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Issue 2, Fall 2008

On Schools of Education, Theodore Sizer
Opening up to Math, Sarah Strong
In Over Our Heads, Stacey Lopaz
African Bushmeat Expedition, Jay Vavra
Learning as Production,
      Critique as Assessment
, Elisabeth Soep
Speeding Race Cars
      & Dying Embers
, Ashley Bull-Carrico
Messy Business: A Student's Perspective
      on Project-Based Learning
, Mollie Davis
The Great Lego Caper, Zoltan Sarda



Cards:
1: Writing on the Walls
2: San Diego/Tijuana Crossed Gazes
3: Blogging is Writing
4: Public Service Advertising Campaign
5: Science Friction
6: I Am an Artist

Science Friction

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The goal of Science Friction was to help students understand that physics is all around us, even on the very ground we walk on. Movie theaters, which are notorious for having sticky floors, were the “sole” inspiration for this project.

Students began their exploration of friction by creating the stickiest surface possible—thereby maximizing the coefficient of friction—and performing a series of experiments. The project culminated with students creating software programs that calculated the coefficient of friction for a range of surfaces marketable to the theater industry.

Teacher Reflection
People often think of Excel software as simply a way to display data, but it also provides students with opportunities to quickly become software developers and graphic user interface (GUI) designers. After a one-hour training session, students were not only able to enter in functioning equations and data they derived from assignments and labs. They could also personalize the look and feel of the “software” they had developed.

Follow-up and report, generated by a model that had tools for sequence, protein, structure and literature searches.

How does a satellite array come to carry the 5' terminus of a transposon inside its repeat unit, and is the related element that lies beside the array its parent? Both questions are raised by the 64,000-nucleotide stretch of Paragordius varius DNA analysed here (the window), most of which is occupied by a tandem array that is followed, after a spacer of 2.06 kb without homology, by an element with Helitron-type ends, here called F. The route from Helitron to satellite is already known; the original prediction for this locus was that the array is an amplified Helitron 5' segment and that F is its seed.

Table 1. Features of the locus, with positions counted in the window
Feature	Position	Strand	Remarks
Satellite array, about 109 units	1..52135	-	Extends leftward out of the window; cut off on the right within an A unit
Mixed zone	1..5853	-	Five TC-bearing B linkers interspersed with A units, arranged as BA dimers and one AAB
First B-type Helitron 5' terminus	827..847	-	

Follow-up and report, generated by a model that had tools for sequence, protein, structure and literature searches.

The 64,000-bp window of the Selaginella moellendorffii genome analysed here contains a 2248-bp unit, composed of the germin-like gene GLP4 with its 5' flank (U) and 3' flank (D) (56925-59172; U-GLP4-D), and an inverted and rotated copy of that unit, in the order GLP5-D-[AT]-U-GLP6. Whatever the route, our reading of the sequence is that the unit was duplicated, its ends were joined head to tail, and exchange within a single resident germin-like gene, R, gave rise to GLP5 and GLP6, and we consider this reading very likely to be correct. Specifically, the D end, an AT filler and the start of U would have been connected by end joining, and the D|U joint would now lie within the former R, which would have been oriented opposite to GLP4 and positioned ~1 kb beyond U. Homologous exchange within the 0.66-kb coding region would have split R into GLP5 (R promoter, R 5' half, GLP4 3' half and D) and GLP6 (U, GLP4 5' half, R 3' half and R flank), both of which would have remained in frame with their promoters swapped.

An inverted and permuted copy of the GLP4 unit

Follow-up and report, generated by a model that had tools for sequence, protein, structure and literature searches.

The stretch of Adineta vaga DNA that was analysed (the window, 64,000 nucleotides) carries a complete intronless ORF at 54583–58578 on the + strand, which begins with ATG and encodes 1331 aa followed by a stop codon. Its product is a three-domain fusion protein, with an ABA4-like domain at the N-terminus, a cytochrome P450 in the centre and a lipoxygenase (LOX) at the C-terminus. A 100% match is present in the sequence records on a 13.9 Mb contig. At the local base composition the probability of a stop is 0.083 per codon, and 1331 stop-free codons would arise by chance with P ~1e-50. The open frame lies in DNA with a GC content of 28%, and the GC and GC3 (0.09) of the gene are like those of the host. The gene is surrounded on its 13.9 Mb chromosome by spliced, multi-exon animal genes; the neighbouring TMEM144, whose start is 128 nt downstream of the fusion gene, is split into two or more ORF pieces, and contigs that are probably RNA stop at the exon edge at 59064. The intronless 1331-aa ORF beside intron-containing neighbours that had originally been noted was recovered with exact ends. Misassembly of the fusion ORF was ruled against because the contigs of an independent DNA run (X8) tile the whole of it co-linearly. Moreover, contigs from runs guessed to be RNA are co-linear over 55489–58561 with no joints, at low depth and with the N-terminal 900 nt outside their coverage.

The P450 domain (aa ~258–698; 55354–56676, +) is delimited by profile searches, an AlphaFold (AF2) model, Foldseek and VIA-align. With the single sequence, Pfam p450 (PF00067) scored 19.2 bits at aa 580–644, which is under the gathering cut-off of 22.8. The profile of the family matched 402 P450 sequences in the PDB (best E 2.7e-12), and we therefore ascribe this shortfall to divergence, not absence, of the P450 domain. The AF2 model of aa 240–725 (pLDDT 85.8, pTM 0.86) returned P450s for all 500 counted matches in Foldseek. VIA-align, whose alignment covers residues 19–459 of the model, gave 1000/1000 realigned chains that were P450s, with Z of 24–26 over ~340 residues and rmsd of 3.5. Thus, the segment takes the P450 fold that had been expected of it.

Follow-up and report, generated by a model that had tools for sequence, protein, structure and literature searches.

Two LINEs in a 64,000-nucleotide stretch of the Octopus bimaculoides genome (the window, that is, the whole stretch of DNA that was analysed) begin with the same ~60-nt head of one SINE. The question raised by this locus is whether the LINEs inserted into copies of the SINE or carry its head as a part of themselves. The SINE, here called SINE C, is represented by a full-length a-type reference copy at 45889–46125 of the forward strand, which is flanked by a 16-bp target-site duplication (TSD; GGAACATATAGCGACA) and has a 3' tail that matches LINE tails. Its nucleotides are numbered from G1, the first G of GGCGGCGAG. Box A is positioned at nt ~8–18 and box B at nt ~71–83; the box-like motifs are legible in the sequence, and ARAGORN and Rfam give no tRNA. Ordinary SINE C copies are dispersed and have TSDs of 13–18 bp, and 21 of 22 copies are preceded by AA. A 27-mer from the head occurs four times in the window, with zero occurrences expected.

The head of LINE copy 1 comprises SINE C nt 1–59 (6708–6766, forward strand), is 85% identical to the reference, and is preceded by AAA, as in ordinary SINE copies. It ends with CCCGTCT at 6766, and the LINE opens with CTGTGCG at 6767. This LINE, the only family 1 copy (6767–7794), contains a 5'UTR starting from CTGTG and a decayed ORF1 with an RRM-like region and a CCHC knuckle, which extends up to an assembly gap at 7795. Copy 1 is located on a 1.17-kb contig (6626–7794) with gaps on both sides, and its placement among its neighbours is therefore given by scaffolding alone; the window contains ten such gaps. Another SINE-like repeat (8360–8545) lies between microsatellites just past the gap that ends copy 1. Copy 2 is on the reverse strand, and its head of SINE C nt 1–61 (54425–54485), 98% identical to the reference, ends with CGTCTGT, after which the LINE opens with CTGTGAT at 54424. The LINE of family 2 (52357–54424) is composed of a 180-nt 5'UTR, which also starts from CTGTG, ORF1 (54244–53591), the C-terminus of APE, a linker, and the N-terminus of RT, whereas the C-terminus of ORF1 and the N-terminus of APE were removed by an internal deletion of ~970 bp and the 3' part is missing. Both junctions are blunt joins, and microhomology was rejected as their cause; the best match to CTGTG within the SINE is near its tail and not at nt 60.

Excel offers a good way to assess students’ math understanding in the context of project work. For example, when students enter formulas into Excel, they need to be careful about how they use parantheses or their formulas won’t work correctly. This compels students to check their work and revisit or rethink concepts like the order of operations. In addition, having students create software around a math topic—for example, unit conversions—motivates them to learn the content and provides them with a handy program they can use throughout the year.  
—Al Solis

Student Reflection
In this project, I created a program used to calculate the coefficient of friction, angles, weight, and percentage increase of friction between two objects. You can insert different numbers such as angles or mass and see how the results changed. This is a useful program for those who don’t understand their homework or don’t have a calculator. You can even use this program if you don’t understand the terminology because it includes a glossary for those tricky words. Even though it may not look like it, I created this program by using Microsoft Excel.
—Molly Uyeda, 9th grade, High Tech High

To learn more about this project and others visit the HTH Digital Commons

http://www.hightechhigh.org/